9. Baron Not Baron

    October 21, 2021 at 7:34 am

    Wouldn’t I be so lucky to get one of these calls, hehe! I will ask the guy/gal so many intrusive questions I will find out how much milk he sucked from his mother.

  10. Dave Symington

    October 21, 2021 at 7:00 am

    Totally agree with Karen. Take us out of the AHS and return our tax money! Same goes for the education system and taxes for city facilities that are only open to the jabbed!! There will be many doctors, nurses and teachers that will set up private facilities for the unjabbed. The sad part is the major divide that this has created – two separate societies! The cause of the segregation is our governments – federal, provincial and municipal!!

  11. Claudette Leece

    October 21, 2021 at 6:17 am

    Great article, socialized medicine has shown to be one of Canada’s downfalls and a total,collapse is on its way. It’s been like this for years, and the pandemic has shown what a total failure it is

  12. Tony

    October 20, 2021 at 6:38 pm

    Thank you for writing this aricle that makes a very important point. It is the height of injustice to force people into using only a single-payer health care system and then threaten to withold access to it when someone doesn’t do as they are told. I can say from my own experience in emergency rooms during the past three years (four visits to look after an elderly relative with non covid health problems) that a disproportionate amount of staff and resources is taken up by crack heads and drunks.

  13. Declan Carroll

    October 20, 2021 at 6:38 pm

    Karen Selick speaks my language. I have been paying into Healthcare my entire adult life and have been to the hospital 3-4 times for minor issues mostly x rays. Compare that to the crazy insane taxes I have to pay and the juice ain’t worth the squeeze. The only serious issue I did have I had to pay out of pocket or sit on a wait list for three years. I had to pay for all my perscriptions, dental work, and physio therapy. The entire “free” healthcare system like everything the government does is a scam and a fraud. I give the money and get zero in return. I want my money back and Ill take my chances with the “unvaccinated doctors”.

  14. K

    October 20, 2021 at 6:33 pm

    I’m so sick of paying for others’ way and not having a single say.

    In what kind of a world are we living in where inoculating something against someone’s will for something that can’t kill them is the accepted practice?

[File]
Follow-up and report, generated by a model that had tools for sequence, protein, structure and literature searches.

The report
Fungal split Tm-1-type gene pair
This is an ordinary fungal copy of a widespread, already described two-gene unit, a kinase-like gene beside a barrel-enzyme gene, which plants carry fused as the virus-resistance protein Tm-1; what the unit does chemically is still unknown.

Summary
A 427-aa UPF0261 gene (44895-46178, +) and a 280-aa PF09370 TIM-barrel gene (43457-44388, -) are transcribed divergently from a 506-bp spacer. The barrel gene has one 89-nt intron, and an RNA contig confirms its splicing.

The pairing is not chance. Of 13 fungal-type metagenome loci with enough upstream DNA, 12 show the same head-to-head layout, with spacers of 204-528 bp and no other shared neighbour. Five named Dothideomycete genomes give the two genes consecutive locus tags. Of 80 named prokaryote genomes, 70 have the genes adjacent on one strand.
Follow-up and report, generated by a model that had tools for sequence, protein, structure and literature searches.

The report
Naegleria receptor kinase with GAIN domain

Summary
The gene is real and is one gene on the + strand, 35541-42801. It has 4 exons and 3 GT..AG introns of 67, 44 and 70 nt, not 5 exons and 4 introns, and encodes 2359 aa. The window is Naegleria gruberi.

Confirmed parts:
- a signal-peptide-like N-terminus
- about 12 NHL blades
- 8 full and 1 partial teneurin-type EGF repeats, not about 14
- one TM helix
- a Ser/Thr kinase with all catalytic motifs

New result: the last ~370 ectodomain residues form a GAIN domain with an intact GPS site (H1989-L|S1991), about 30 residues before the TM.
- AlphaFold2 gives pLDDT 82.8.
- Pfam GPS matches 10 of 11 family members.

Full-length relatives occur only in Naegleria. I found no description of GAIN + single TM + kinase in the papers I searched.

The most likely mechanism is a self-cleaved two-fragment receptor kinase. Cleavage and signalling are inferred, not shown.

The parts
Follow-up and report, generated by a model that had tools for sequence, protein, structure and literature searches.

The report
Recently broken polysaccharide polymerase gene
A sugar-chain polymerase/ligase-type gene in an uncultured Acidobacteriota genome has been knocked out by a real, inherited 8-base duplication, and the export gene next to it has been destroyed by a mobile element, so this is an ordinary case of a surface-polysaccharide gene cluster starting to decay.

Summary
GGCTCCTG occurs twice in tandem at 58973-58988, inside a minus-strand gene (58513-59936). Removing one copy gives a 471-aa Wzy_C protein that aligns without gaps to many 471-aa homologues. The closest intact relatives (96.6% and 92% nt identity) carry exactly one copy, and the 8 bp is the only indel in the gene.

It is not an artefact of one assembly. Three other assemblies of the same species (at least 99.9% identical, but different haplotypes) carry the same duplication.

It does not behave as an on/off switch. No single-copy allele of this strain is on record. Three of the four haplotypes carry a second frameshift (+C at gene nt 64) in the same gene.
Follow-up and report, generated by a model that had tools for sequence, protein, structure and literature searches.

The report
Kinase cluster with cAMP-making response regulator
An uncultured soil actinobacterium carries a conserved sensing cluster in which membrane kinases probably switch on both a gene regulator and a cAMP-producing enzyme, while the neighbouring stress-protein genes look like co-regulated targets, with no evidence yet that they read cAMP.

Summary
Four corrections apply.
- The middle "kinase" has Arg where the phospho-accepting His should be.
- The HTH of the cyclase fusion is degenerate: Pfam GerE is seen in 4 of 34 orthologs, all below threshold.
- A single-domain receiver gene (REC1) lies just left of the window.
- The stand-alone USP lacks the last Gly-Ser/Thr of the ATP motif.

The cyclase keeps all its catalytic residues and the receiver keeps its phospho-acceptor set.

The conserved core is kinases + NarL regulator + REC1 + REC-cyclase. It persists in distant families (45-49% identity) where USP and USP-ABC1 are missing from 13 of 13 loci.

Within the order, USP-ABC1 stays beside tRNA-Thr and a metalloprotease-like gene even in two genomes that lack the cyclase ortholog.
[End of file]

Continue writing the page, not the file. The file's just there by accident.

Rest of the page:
15. K Snyder

    October 20, 2021 at 5:24 pm

    Great article. I saw my GP this week – I felt I should go once in a while, just to make sure she remembers me – it had been 9 years….. I was feeling fine. I have my chiro, Homeopath, healthy food and exercise. Please, take me out of the AHS system. Happy to be on my own IF we have access to private and better health care. The biggest lie is that Canada has a great health care system and the US doesn’t. We have a sick care system and the US has choice and personal responsibility.

  16. Hiccup Haddock

    October 20, 2021 at 5:19 pm

    Amen brother sign me up!

  17. berta baby

    October 20, 2021 at 4:42 pm

    Yes! Why should I pay for some slob who has an ass that chases them down the street.
    Why should I pay for a booze hound ?
    Or some StD riddled ho?

    If the health care system won’t accept me fuck them and all the rest of the slouch bums who can’t put down the bag of chips.

    I’ll take the needle when you lose 50 pounds off your ass

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Opinion

BRADLEY: No Central Bank Digital Currency can stack up to Bitcoin

Why Bitcoin will always be the superior digital currency.

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These days, many countries are considering introducing their own Central Bank Digital Currencies (CBDCs).

The Bank of England recently released a research paper discussing the possibility of creating its own digital currency, saying it has “not yet made a decision on whether to introduce CBDC”.

In July 2021, the Bank of Canada issued a discussion paper called “The Positive Case for a CBDC”, citing it “could be an effective competition policy tool for payments” and “could also support the vibrancy of the digital economy.”

But no country is moving faster on this front than China.